The election, expected in October or November, would be Israel’s fifth in three years. The election could also set the stage for a return to power by Netanyahu, who is now the opposition leader.

Bennett has struggled to keep his unruly coalition of eight parties together since it took office one year ago, and defections have left the crumbling alliance without a majority in parliament for over two months.

Bennett and his main coalition partner, Yair Lapid, decided to present a vote to dissolve parliament in the coming days, Bennett’s office said. Lapid is then to serve as caretaker prime minister.

Bennett formed the eight-party coalition in June 2021 after four successive inconclusive elections. It included a diverse array of parties, from dovish factions that support an end to Israel’s occupation of lands captured in 1967, to hardline parties that oppose Palestinian independence. It made history by becoming the first Israeli coalition government to include an Arab party.

The alliance made a series of accomplishments, including passing the first national budget in several years and navigating a pair of coronavirus outbreaks without imposing any lockdowns.

But eventually it unraveled, in large part because several members of Bennett’s hard-line party objected to what they felt were compromises made by him to keep the coalition afloat and his perceived moderation.

The dissolution threatened to overshadow a visit scheduled next month by President Joe Biden. Israeli media quoted Biden’s ambassador, Tom Nides, as saying the visit would take place as planned.

Netanyahu said the imminent dissolution of parliament was “great tidings” for millions of Israelis, and said he would form “a broad nationalist government headed by Likud” after the upcoming elections.

Israel held four inconclusive elections between 2019 and 2021 that were largely referendums about Netanyahu’s ability to rule while on trial for corruption. Netanyahu denies wrongdoing.

Opinion polls have forecast that Netanyahu’s hardline Likud will once again emerge as the largest single party. But it remains unclear whether he would be able to muster the required support of a majority of lawmakers to form a new government.


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Israel’s UN Ambassador Gilad Erdan Elected Vice President of UN General Assembly

Israel’s Ambassador to the United Nations was elected vice president of the UN General Assembly in a vote held at the UN headquarters in New York on Tuesday.

Both Iran and Syria voiced their objection to the Israeli ambassador’s appointment, but did not call for a counter vote, knowing that they are likely to lose it.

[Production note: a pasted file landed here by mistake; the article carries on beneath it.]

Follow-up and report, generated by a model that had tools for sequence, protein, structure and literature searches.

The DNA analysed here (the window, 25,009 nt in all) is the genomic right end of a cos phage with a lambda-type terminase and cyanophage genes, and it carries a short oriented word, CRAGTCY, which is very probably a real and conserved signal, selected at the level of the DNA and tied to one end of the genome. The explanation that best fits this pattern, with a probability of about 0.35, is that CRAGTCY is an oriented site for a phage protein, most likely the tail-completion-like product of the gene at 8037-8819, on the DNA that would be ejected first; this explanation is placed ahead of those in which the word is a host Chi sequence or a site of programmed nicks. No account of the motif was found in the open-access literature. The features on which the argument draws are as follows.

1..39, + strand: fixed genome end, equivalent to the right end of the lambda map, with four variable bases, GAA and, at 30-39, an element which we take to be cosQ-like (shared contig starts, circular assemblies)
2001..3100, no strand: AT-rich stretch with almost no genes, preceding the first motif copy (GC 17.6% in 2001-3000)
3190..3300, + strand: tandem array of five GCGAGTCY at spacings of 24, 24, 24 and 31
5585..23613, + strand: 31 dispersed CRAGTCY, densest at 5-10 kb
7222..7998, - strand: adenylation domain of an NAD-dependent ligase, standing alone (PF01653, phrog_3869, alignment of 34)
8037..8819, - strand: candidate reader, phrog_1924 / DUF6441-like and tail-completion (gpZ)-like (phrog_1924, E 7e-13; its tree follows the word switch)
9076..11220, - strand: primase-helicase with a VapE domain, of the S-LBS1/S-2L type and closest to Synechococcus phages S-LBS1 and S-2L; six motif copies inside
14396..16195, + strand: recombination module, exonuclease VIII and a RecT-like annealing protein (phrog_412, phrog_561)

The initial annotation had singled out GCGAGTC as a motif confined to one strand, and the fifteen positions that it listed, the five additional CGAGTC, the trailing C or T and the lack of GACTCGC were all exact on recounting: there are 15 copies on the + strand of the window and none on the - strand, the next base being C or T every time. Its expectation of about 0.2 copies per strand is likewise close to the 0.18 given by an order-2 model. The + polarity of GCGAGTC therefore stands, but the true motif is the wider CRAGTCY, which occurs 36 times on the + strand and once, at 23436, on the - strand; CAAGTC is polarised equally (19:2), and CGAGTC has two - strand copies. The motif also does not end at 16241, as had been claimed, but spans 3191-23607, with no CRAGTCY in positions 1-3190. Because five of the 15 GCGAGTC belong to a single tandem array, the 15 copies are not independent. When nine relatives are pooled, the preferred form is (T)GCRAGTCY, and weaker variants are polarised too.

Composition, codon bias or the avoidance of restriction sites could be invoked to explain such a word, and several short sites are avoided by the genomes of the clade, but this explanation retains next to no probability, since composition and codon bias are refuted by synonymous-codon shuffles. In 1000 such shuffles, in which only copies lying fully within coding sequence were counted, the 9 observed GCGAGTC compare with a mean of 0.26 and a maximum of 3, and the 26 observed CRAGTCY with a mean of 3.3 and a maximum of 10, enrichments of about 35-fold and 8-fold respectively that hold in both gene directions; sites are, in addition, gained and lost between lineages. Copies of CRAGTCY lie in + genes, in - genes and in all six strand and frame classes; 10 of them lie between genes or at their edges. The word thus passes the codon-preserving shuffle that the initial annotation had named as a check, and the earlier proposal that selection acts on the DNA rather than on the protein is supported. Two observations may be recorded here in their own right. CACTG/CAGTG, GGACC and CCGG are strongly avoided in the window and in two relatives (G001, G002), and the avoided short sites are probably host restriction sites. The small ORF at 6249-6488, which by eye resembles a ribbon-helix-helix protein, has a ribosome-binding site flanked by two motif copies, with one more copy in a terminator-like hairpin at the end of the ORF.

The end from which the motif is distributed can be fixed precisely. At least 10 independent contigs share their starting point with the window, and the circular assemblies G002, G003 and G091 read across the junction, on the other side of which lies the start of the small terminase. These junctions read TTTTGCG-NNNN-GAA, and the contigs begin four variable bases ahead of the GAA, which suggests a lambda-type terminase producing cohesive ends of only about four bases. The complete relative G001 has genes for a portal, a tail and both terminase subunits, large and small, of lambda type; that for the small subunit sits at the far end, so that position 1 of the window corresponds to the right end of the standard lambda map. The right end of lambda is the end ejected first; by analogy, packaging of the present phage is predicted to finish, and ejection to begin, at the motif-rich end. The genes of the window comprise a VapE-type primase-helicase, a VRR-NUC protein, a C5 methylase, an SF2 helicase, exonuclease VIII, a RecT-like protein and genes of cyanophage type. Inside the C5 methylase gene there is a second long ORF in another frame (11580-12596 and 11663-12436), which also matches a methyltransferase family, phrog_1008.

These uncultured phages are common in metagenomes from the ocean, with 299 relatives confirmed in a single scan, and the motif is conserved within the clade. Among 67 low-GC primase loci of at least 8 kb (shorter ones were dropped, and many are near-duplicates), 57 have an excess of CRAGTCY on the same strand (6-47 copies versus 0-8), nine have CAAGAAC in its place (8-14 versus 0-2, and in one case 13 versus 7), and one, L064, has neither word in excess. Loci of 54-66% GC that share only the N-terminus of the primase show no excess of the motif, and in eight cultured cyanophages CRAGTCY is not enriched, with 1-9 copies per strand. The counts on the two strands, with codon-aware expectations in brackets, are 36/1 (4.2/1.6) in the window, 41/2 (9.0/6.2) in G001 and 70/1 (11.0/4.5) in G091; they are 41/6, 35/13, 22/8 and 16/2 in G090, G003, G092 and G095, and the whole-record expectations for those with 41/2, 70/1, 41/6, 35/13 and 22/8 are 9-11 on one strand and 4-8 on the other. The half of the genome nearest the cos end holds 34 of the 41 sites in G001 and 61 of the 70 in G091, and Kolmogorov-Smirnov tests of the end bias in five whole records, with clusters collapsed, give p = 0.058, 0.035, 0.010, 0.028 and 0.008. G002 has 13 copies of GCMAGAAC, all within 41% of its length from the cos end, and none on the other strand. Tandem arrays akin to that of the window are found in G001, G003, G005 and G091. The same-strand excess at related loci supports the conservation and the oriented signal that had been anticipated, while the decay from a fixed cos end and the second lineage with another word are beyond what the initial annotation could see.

Erdan will fulfill the role for one year beginning in September when the 77th General Assembly convenes. In this position, the Israeli ambassador will chair General Assembly meetings and take part in setting the agenda for its deliberations.

“I will now be representing Israel in a position at the heart of the UN. Nothing will stop me – and I mean nothing – from fighting the discrimination in the UN against Israel,” Erdan said.

“This new position gives Israel another platform to present the truth about our country and our contributions to the world, despite the ongoing lies of the Palestinians and others at the UN. This triumph sends a clear message to our enemies that they will not prevent us from participating in leading roles at the UN and in the international arena. Hatred must never triumph over the truth. I won’t allow it,” he added.

A statement by the Israeli mission to the UN hailed Erdan’s appointment as a “major achievement for Israel” that comes despite the “exploitation by the Palestinians and others of the death of journalist Shireen Abu Akleh.”

“This achievement also prevails over the phony report, premeditated with anti-Israel bias, from the UN Human Rights Council’s Commission of Inquiry,” the statement read further, referring to a recent report that blamed Israel for “perpetual occupation.”

In the past year, Israel has achieved a number of significant milestones at the UN, including its election to serve for the first time ever as a member of the UN Economic Council (ECOSOC), the election of Odelia Fitoussi to serve on the Committee of Experts on Disability, Sarah Weiss-Maudi to serve as vice chair of the UN Legal Committee and the passing of the historic resolution in the General Assembly against Holocaust denial and distortion.

In 2017, then-Israeli Ambassador to the UN Danny Danon was elected as a vice president of the 72nd Session of the General Assembly.

This article originally appeared on ALL ISRAEL NEWS and is reposted with permission.